The third significant thing: Milo got to eat some of this cake. This was his first cake experience. Rather than actual bites of cake, I mostly gave him the (grotesque) blueberries, with just a few small bits of cake clinging to them. As always, he was pretty busy, moving all around and checking everything out, but in between all that activity, he seemed to like the cake. That’s my kid. [note: Milo is just eating here, not actually eating the blueberry cake...]

Sunday, November 19, 2006

Upside-down Pear Gingerbread

Time for a change. Ray thinks the last few cakes have all fallen into the same category: some sort of spice cake/pumpkin cake with cream cheese frosting. For him, they were all blending together.

I love the upside-down cake concept. So far though, my forays into it have been limited to the routine pineapple upside-down cake. Upside-down Pear Gingerbread is another Jeanne Lemlin recipe. It has always sounded a little weird to me, as I leaf past it, looking for some dessert to catch my eye. This time, however, I finally stopped, read the recipe more carefully, and decided to go for it. When you are trying to make more cakes, you just have to throw caution to the wind occasionally, and make some cakes you might otherwise turn your nose up at or skip right past.

Seemingly complicated: building the cake from the top up (top down?), the careful slicing and placing of the fruit on the bottom of the cake pan, holding your breath and waiting to see if the inversion event will actually work out, upside down cake is in fact pretty easy.

Okay, placing the fruit on the bottom is easy if you are just pulling pineapple slices out of a can… in this case, I actually had to slice the pears myself and then decoratively arrange them. In truth, the hardest part for me was finding pears that are just the right ripeness, and that would also hopefully taste okay. Those of you who know me well know that I absolutely suck at picking good fruit and generally have a very low sense of self worth in this department. Lucky for me, Karen said she had some perfect pears, and so I used hers rather than the ones I had made Ray get for me at Vitamin Cottage. Thank you, Karen.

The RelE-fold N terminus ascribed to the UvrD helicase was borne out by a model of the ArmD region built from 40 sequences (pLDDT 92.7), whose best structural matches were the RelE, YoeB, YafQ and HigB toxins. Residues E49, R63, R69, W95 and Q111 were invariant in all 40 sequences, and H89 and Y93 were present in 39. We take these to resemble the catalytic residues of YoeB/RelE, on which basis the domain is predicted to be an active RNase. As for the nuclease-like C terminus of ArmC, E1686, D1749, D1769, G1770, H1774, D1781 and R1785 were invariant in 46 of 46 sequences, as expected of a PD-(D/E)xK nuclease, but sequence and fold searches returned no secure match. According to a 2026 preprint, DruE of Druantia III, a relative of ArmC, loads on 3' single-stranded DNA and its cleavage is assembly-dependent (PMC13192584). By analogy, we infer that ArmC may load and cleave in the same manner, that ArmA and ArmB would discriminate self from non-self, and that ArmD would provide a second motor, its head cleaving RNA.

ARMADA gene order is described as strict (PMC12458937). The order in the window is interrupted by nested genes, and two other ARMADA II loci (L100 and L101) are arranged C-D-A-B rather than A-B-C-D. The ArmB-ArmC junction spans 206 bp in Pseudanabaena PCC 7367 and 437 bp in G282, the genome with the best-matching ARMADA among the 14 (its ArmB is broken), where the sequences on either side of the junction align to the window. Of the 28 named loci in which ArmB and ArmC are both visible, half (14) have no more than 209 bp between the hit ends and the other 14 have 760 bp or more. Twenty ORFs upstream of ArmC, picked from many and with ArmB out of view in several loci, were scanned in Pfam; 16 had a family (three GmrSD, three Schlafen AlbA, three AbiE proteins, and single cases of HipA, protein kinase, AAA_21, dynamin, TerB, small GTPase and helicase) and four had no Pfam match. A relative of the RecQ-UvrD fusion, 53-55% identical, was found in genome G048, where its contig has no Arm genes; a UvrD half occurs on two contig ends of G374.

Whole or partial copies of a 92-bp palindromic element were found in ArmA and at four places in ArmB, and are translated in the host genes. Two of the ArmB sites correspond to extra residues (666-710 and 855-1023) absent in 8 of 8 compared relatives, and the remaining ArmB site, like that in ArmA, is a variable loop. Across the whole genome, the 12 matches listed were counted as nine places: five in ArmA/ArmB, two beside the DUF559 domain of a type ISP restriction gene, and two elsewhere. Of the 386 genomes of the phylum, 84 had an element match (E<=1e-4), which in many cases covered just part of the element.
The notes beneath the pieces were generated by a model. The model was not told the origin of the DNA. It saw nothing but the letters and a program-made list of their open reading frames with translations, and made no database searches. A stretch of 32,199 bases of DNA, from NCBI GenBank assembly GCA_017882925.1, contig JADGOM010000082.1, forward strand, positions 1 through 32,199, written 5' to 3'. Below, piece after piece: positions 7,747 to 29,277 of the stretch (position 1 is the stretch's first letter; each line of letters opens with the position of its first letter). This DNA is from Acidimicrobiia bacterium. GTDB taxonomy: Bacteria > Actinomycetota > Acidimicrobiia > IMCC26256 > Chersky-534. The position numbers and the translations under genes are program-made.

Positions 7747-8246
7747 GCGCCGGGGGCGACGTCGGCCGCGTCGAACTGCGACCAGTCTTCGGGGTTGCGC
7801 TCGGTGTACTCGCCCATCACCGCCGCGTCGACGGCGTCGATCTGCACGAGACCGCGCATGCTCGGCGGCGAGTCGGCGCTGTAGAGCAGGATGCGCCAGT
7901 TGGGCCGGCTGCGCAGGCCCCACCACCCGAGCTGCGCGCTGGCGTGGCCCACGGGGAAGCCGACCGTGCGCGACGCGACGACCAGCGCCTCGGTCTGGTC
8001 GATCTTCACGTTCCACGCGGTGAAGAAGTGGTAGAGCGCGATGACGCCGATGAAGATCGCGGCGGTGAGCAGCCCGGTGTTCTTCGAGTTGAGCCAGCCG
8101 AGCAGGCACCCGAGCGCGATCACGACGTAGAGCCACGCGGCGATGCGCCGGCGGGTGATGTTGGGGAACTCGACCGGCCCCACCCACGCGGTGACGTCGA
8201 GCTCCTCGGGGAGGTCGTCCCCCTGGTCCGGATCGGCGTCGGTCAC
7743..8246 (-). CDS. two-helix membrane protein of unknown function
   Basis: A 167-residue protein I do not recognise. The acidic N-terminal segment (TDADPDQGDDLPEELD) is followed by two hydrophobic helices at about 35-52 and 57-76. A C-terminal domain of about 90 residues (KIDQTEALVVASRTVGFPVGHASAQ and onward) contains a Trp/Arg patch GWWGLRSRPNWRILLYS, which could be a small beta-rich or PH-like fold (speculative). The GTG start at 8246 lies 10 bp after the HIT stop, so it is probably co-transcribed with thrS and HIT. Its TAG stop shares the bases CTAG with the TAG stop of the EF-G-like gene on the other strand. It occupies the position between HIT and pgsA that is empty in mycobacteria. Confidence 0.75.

I set out to make this a short entry, as I am several cakes (entries) behind at this point, and figured I needed to get this up, so I can get on to posting the next cake (already made and eaten) before I make a new one (which could happen at any time). But, already, we’re several paragraphs in, and I haven’t even talked about the finished product.

I thought this cake was beautiful. I’ll let Ray tell you what he thought…. I also thought it tasted great. Moist, tasty gingerbread. Can we consider gingerbread to be cake? Then, topping the lovely gingerbread were the now soft and buttery sugary soaked pears, embedded in slightly caramelized and sometimes crispy buttery sugary bits. Alden wanted nothing to do with the pears, but the cake still got a favorable review from him. We served it with fresh, lightly sweetened whipped cream.

Saturday, November 18, 2006

Golden Pumpkin and Apricot Layer Cake

This cake first appeared in the 1994 Bon Appetit Thanksgiving issue. I remember looking at it at that time, thinking it looked yummy. I may have made it at some point in the months following its appearance. But, sadly, I don’t know for sure.